Corruption, 2G and CVC drama engaged Supreme Court
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Last Updated: Sunday, December 25, 2011, 12:28
  
New Delhi: The 2G scam and the judiciary- executive turf war over black money and SPOs engaged the Supreme Court which in 2011 also dealt a blow to the UPA government by quashing the appointment of P J Thomas as CVC whose name was recommended by a panel headed by Prime Minister Manmohan Singh.

The verdict declaring that the recommendation made by the high-powered committee on Thomas as Central Vigilance Commissioner (CVC) was "non-est in law" (does not exist in law) came at a time when government was facing the heat of the apex court on the 2G scam in which the name of Home Minister P Chidambaram was also dragged.

The outcome on the appointment of Thomas, who was named in a charge sheet in a corruption case in Kerala, also brought embarrassment for Chidambaram as he was also in the three- member panel recommending the tainted IAS officer for the CVC which was opposed by the Leader of Opposition in Lok Sabha, Sushma Swaraj.

The Home Minister also had a tough time in the wake of the controversy arising out of a Finance Ministry note to the Prime Minister's Office signed by Finance Minister Pranab Mukherjee on the issue of pricing of the 2G spectrum.

The note stated that former Telecom Minister A Raja was not alone responsible for the loss in the 2G spectrum allocation and Chidambaram as finance minister in 2008 recommended the policy of "auction".

The note also gave ammunition to Janata Party chief Subramanian Swamy, who is seeking prosecution of Chidambaram in the 2G scam and before the apex court reserved its order, the Centre and the CBI on their own joined hands and provided spirited defence on behalf of the Home Minister.

With corruption remaining the major concern of the apex court, the Centre found itself cornered for not making public the names of persons with black money stashed in foreign banks and goofing up on the issue of Hasan Ali Khan, the Pune stud farm owner accused in the massive money laundering case.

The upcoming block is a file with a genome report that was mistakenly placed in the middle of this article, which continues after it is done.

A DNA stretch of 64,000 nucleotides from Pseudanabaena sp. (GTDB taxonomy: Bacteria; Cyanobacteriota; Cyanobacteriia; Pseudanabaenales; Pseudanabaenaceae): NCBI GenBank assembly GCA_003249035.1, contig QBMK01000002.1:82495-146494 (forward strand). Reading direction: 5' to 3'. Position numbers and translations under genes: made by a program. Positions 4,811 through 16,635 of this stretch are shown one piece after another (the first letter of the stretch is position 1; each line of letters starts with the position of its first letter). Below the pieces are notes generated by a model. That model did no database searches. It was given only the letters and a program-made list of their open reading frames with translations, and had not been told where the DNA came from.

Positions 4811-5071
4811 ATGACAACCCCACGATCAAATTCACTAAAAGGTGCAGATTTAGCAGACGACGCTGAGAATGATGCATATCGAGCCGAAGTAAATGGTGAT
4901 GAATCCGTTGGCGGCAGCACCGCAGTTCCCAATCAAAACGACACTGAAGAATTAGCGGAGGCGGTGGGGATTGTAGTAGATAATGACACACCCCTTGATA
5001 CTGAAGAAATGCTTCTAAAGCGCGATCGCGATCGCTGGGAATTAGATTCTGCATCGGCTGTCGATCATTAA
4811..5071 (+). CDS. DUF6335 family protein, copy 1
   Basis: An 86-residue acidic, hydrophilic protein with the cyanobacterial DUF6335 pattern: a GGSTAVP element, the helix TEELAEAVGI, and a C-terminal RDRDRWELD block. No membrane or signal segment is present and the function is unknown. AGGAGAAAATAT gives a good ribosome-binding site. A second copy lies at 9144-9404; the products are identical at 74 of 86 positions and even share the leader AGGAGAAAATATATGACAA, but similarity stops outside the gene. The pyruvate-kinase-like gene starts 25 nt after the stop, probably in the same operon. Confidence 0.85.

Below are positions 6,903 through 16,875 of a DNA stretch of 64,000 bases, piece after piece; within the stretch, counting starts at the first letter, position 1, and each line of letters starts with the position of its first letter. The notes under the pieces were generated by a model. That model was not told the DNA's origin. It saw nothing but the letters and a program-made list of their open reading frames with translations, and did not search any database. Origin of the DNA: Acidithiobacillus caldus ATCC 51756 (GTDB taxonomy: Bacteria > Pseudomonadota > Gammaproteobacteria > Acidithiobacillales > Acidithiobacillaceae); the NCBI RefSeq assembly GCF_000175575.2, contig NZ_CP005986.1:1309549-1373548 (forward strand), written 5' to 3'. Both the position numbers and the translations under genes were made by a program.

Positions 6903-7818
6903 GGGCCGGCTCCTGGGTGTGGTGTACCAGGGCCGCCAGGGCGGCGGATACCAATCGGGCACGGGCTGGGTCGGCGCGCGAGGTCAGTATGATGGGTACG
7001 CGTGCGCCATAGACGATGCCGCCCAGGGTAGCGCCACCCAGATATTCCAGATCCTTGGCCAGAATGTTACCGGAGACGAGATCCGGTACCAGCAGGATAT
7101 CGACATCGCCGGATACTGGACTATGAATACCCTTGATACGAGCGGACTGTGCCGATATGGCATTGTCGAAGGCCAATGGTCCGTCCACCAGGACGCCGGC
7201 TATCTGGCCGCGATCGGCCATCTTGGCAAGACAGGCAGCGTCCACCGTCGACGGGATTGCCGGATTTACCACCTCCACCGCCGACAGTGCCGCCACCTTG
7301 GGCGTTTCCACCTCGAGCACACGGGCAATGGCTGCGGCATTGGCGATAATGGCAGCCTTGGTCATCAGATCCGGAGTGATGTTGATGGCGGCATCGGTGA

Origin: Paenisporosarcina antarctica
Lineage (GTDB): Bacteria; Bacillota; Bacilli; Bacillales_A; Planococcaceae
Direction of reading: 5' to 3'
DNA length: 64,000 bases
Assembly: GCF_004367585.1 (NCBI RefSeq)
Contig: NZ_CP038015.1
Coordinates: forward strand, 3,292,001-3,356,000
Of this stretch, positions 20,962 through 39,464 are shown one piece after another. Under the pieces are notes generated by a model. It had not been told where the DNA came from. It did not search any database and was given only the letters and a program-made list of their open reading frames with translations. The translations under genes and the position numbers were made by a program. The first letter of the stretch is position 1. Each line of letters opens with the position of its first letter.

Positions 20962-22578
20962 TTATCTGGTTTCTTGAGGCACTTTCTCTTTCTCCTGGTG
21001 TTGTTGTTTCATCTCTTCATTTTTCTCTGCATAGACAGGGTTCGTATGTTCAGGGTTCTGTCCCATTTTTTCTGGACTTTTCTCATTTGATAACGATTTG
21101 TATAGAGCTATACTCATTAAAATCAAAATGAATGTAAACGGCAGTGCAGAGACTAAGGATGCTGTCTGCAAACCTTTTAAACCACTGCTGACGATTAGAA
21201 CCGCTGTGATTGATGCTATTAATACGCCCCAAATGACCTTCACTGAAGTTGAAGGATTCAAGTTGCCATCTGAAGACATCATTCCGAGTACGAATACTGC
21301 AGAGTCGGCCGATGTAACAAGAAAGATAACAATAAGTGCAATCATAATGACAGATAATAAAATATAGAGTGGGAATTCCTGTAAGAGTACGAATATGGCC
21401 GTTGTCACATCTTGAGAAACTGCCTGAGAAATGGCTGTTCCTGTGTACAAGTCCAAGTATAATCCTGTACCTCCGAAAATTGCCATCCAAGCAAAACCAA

The issue of black money and the policy of the Centre and state governments arming tribals as special police officers (SPOs) and creating anti-vigilante groups like Salwa Judum and Koya Commandos in Chhattisgarh to counter the Maoists and Naxalites also reflected the turf war between the judiciary and the executive.

Ruling out government's contention that judiciary was encroaching into the domain of the executive, the apex court castigated the authorities for their inaction and appointed a Special Investigation Team to probe the issue of black money.

However, the victory of the civil society was short- lived as within a fortnight, the government moved the apex court for recalling or modifying the judgement on the black money which resulted in a split verdict. The verdict will once again be re-examined by the third bench.

So was the case on the issue of SPOs in which the apex court rejected the contentions of the Centre and Chhattisgarh government and came down heavily on the practice of deploying vigilante groups like Salwa Judum in the fight against Maoists by declaring the policy as unconstitutional.

However, later the apex court modified its order to allow the use of services of SPOs in fighting outlaws in the country, except in Chhattisgarh which came out with an ordinance to absorb around 5,000 SPOs in its auxiliary force by relaxing the educational criteria. The apex court's zero tolerance against corruption which was manifested on the issue of CVC case, was also reflected when it dealt with the cases of corruption in judiciary with iron hand.

The high-point came when it dismissed pleas of Chief Justice P D Dinakaran of the Sikkim High Court and Justice Soumitra Sen of the Calcutta High Court.

Chief Justice of India S H Kapadia also resorted to large scale transfer of High Court judges as fingers were raised on the credential of many working judges.

With former Chief Justice of India K G Balakrishnan's family members facing allegations of amassing disproportionate assets during his tenure, the apex court also agreed to hear a petition against him and allowed an advocate to file documents related to the property acquired by them.

During the year, the apex court also rebuked Delhi Police for its inaction for over three years on probe into the 2008 cash-for-vote scam, involving the alleged payment of bribes to some opposition MPs for their votes in favour of the July 2008 trust motion by the UPA-I government.

This resulted in arrests of former Samajwadi Party leader Amar Singh and BJP leader L K Advani's former close aide Sudheendra Kulkarni, besides two former and one sitting BJP MPs among others.

Virtually reflecting the public ire against corruption and price rise, the apex court, while continuing to tighten the screw on corruption, expressed deep anguish over the widening gulf between the rich and the poor in the country and said, in one of its orders, that there cannot be "two Indias".

Observing that no one in the country should die of hunger and malnutrition, the apex court directed the Centre to provide 50 lakh tonnes of additional food grains for distribution among people below poverty level and asked them to build sufficient night shelters to ensure that no homeless person is forced to sleep in the open in the harsh winter.

PTI


First Published: Sunday, December 25, 2011, 12:28


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